Speed & Slow Transpiration (Humidity & Vapour Pressure Deficit)

Speed & Slow Transpiration (Humidity & Vapour Pressure Deficit)

Alex
Alex
16 Jun 2014

Some things in life aren't black and white. Sorry folks, your humidity is one of them!

Why? The ideal humidity depends on your temperature. 50% RH at 25°C is VERY different to 50% RH at 28°C.

To really understand how your humidity affects transpiration, here's what you need to know.

Humidity vs. Relative Humidity (RH)

Temperature needs no introduction, but humidity and relative humidity are a little trickier. 

Humidity =  the amount of water vapour in the air (not visible, unlike mist)

The thing is, the warmer the air, the more water it can hold. So what your humidity DOESN'T tell you is how full of water your air is.

Enter Relative Humidity.

As the name implies, it tells you how humid your air is, relative the temperature. 

Relative Humidity (RH) = what % of water vapour is being held (of the total amount the air could hold at that temperature). 

Basically - it tells you how saturated your air is, as a %.

Example

At 50% RH, the air is holding 50% of the water vapour it could possibly hold at that temperature.  

Remember, the warmer the air, the more water it can hold.

Humidity Humidity

SO, 50% RH air at 25oC is holding less water than 50% RH air at 28oC.

But at both temperatures, the air is 50% saturated.

RH and Transpiration

One of the most important things that RH influences is transpiration (water loss through leaves).

  • A low RH (not much water vapour) increases the rate of transpiration
  • A high RH (plenty of water vapour) decreases the rate of transpiration

The rate of transpiration is VERY important.The more plants transpire, the more water and nutrients they both absorb and transport.

But a balance is needed.

  • Too much transpiration causes undue stress
  • Too little transpiration leads to poor growth

 So, to get the rate of transpiration right, your grow room RH also needs to be right.

To work out the right RH, you need to know what your Vapour Pressure Deficit is...

Transpiration Transpiration

What's Vapour Pressure?

Water vapour creates pressure.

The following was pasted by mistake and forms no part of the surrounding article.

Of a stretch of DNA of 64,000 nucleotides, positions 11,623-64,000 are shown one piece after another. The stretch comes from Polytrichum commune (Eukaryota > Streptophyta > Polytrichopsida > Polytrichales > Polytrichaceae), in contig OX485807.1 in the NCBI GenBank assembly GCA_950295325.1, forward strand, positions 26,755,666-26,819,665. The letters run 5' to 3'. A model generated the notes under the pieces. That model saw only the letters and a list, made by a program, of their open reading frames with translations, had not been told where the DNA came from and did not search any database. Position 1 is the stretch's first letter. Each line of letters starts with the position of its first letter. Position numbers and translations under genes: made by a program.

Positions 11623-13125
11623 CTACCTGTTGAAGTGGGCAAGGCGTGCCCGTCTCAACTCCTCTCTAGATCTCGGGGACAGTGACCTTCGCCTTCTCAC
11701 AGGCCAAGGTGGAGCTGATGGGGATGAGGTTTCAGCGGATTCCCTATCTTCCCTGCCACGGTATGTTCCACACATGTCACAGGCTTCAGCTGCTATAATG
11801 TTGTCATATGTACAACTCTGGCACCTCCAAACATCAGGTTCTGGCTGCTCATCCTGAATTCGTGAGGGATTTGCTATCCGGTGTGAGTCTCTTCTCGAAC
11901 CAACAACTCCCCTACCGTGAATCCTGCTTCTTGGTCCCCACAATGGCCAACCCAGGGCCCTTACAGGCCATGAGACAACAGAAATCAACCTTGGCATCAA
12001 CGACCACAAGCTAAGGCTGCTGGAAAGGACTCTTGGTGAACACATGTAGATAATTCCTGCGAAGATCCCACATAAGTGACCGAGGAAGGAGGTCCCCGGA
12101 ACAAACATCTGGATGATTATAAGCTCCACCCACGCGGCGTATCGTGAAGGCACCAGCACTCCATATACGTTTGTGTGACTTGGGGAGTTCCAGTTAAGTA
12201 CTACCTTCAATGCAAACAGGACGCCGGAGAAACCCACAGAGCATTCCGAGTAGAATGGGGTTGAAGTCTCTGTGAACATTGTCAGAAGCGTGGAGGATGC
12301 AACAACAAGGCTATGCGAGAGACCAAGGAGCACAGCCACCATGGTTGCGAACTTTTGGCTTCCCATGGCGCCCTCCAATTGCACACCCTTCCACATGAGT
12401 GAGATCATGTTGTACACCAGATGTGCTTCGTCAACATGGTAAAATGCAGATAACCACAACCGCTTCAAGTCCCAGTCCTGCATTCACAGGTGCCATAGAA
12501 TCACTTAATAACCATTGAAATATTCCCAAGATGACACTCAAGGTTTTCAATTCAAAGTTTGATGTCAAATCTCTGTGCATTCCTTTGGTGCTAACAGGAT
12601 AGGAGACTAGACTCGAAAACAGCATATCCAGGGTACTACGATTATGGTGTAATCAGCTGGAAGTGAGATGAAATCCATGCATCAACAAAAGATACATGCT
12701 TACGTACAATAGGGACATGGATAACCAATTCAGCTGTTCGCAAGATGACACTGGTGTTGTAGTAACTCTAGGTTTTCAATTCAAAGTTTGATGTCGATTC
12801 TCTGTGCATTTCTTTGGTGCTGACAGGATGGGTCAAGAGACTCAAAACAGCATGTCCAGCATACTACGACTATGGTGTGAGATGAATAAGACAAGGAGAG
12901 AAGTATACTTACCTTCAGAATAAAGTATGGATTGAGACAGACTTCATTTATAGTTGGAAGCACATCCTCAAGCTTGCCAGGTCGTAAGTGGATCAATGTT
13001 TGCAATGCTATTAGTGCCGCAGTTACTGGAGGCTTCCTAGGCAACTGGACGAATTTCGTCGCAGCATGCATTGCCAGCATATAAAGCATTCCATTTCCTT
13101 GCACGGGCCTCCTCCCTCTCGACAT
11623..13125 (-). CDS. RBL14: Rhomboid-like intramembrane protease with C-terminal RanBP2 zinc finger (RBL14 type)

In the air

Water vapour in the air puts pressure on plants. The more water vapour, the more pressure. 

Think of water vapour as a weight bearing down on plants. The more water vapour, the harder it is for plants to ‘push back’ via transpiration. 

Vapour Vapour

In leaves

Water vapour inside healthy leaves is 100% RH.

The RH in your grow room is never that high! So plants will always be able to 'push back' and transpire.

The question is, how much?

 The bigger the pressure gap between leaf and air vapour pressure, the more transpiration. 

The gap is known as Vapour Pressure Deficit (VPD).

Vapour Pressure Deficit (VPD)

VPD =  the pressure difference between 100% RH and the acual RH air (at the same temperature).

VPD essentially combines temperature and RH to tell you how well plants will transpire.

As a measure of pressure, VPD is typically calculated in millibars (mb).

Earlier, we said: 50% RH at 25°C is VERY different to 50% RH at 28°C.

We meant it. Look:

  • Temperature 24°C and RH 50% = typical VPD of 15mb
  • Temperature 28°C and RH 50% = typical VPD of 19mb  

Just a 4°C temperature rise increased the VPD by almost 30% - quite a big change!

So, if you want to know how your humidity affects transpiration, go by your VPD. 

Top Tip

Think of VPD as a measure of the air's power to pull water from plants.

Measuring Vapour Pressure Deficit (VPD)

To calculate your VPD, you'll need to be able to:

  • measure your leaf temperature

(a Dimlux Maxi Controller & Dimlux Temperature Camera are best. But any handheld infrared thermometer will do)

  • measure your grow room temperature & humidity

You can't go wrong with a good old Accuread Temperature and Humidity Meter.

Accrued Temperature Accrued Temperature

Once you're all equipped, follow these 3 steps: